We had 122 counts in Ontario again this year, the same as last year’s total and just two shy of the record 124 in year 117. The total number of counts conducted was likely a record but a few counts (Peel-Halton and Dunrobin-Breckenridge) failed to submit any data. A big welcome to our two new counts, both in the north: Iroquois Falls and Smooth Rock Falls.
The weather always plays a big role for counts, and this year was pretty average; fall lingered with the exception of a few wintery blasts, but was mostly unremarkable. There was a pretty significant blast of cold, wintery weather in late November/early December that gave way to milder weather well before count period began. As a result, many counts reported significant open water but few waterbirds as those waterbirds had been pushed out in the weeks prior. Unlike the last couple of years, snow cover was fairly reduced, particularly in the south. This made for excellent walking conditions, but lacked the concentrating effect heavy snow sometimes can have. As a result, many counters reported spending long stretches with very little bird activity.
It wasn’t just people’s impressions; count day weather was indeed quite pleasant, with an average low of -5 and high of +1 degrees Celsius; almost ten degrees warmer than last year’s averages of -16.9 and -10.3. Thirty counts reported now snow whatsoever, in stark contrast from last year when no count did. Meaford was this year’s hot spot with a high of 12 degrees Celsius, while 74 other counts cracked zero on count day (again, what a difference from last year when only five counts made that mark). Kirkland Lake just beat out Kapuskasing for the coldest count honors, with a starting temperature of -25, rising to -20. This was the only count that did not get warmer than -20 this year. Only 36 counts (down from 89 counts last year) reported 15 centimetres (6 inches) or more of snow, with Kirkland Lake reporting the maximum depth at 50 cm. In general, heavy snow cover was limited to the areas from about Algonquin Park north.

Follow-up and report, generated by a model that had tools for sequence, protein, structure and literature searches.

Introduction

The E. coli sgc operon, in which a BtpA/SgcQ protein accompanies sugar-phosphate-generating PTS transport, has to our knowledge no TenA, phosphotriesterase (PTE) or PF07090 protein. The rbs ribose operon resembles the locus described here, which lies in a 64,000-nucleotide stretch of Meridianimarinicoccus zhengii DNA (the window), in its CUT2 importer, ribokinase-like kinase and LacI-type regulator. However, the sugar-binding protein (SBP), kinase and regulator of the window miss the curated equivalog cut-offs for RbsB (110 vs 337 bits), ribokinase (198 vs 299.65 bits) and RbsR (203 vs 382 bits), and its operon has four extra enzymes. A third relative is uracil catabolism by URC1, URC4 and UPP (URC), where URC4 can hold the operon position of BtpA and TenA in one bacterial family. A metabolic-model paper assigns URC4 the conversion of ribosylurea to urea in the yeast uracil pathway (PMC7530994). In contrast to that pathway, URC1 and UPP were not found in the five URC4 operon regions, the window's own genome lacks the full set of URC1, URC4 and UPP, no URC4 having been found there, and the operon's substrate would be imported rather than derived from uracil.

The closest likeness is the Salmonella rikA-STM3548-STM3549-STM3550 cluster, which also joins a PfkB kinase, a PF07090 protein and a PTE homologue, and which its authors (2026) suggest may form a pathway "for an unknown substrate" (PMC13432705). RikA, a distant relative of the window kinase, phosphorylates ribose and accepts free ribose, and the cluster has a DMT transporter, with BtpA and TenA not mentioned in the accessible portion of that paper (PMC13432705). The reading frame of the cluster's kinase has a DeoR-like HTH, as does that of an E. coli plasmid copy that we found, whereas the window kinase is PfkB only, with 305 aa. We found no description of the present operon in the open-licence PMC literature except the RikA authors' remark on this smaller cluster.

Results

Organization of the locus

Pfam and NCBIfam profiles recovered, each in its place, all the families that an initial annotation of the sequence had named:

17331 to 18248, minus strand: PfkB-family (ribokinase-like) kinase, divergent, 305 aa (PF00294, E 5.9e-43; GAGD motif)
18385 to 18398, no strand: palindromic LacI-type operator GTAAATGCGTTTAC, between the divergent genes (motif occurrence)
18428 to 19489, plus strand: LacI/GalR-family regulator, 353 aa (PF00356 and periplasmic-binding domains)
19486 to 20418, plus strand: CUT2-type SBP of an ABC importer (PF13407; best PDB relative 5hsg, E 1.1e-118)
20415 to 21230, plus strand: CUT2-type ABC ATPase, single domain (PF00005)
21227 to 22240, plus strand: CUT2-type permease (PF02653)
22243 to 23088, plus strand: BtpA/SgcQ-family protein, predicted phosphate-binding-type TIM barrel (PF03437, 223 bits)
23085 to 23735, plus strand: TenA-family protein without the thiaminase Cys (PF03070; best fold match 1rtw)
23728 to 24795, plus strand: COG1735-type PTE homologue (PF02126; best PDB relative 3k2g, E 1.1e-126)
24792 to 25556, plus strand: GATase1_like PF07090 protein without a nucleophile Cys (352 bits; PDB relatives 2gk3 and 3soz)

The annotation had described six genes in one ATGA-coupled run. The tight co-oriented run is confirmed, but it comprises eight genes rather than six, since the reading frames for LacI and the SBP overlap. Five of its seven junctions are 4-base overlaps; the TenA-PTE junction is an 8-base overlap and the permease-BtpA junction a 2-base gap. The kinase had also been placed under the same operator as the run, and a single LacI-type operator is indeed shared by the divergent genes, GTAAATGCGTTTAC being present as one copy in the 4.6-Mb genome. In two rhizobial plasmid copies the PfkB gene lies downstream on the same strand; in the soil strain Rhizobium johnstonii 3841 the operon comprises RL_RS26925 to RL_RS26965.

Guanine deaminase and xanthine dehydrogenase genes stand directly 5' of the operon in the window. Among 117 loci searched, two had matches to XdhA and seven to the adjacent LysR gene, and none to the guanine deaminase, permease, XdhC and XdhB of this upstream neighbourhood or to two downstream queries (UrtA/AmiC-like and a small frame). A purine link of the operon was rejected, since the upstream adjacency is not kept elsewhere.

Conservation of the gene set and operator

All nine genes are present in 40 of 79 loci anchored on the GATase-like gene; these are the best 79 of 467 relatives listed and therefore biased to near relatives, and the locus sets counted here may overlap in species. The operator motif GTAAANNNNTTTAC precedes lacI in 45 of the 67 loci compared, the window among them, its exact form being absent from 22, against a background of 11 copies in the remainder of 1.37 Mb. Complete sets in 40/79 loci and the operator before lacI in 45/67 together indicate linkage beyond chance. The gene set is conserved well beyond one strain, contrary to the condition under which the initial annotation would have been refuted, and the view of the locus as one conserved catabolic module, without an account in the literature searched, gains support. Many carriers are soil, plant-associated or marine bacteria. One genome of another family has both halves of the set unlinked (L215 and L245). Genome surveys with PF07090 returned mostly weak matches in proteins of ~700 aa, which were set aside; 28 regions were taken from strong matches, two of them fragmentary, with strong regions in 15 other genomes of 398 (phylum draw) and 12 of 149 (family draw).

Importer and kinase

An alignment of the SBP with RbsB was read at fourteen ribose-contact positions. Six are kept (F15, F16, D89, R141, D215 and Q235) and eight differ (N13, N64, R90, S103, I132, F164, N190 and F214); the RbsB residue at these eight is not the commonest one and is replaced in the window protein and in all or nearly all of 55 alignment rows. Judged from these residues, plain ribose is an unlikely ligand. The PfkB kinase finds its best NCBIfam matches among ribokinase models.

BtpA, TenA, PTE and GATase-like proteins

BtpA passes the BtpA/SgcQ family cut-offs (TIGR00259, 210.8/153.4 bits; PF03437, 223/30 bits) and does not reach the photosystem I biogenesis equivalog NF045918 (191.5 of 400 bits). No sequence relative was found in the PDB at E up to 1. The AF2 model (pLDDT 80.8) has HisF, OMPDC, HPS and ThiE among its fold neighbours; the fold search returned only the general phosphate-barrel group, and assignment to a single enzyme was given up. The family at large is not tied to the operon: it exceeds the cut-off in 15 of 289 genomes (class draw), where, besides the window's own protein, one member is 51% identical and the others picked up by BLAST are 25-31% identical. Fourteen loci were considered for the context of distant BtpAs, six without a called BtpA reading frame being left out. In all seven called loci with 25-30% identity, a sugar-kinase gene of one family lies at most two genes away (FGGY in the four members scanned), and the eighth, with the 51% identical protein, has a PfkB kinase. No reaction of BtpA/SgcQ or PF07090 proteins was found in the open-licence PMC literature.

There were a record 3707 observers in the field this year, up more than 300 from last year. The 1054 feeder counters wasn’t quite a record, but still quite impressive. All those observers put in an impressive (and also record-setting) 8490 party hours, almost 1000 more than last year. Part of the rise in party hours is certainly tied to the increase in observers, but the good walking conditions may have been partly to credit. Observers logged an impressive 75,827 km (47,117 miles) – up about 7000 km and equal to about twice around the earth!! Ottawa-Gatineau continued its strangle-hold for most observers with 145 while Kingston took top honors for feeder counters with 75.
A total of 175 species were reported from all counts, up nine from last year, and just below the average from the past five years (but well below the record of 190 from year 113). An additional three species (Boreal Owl, Nashville Warbler, and Baltimore Oriole) were reported during count week but not on count day.
Long Point held on for highest species count with a whopping 117, with Blenheim (114) hot on their heels. Those two counts were in a class of their own this year though with no others reporting triple digits. Hamilton (97), St. Clair N.W.A. (93), and Toronto (91) rounded out the top five. Ottawa-Gatineau (75) led the way for inland counts, followed by London (73) and Cambridge (70) also cracking 70 species. As usual, Thunder Bay, with 41 species this year, had the highest total amongst northern Ontario counts. Long Point also led the way for provincial highs, with 16, followed by Hamilton (15) and Blenheim (13).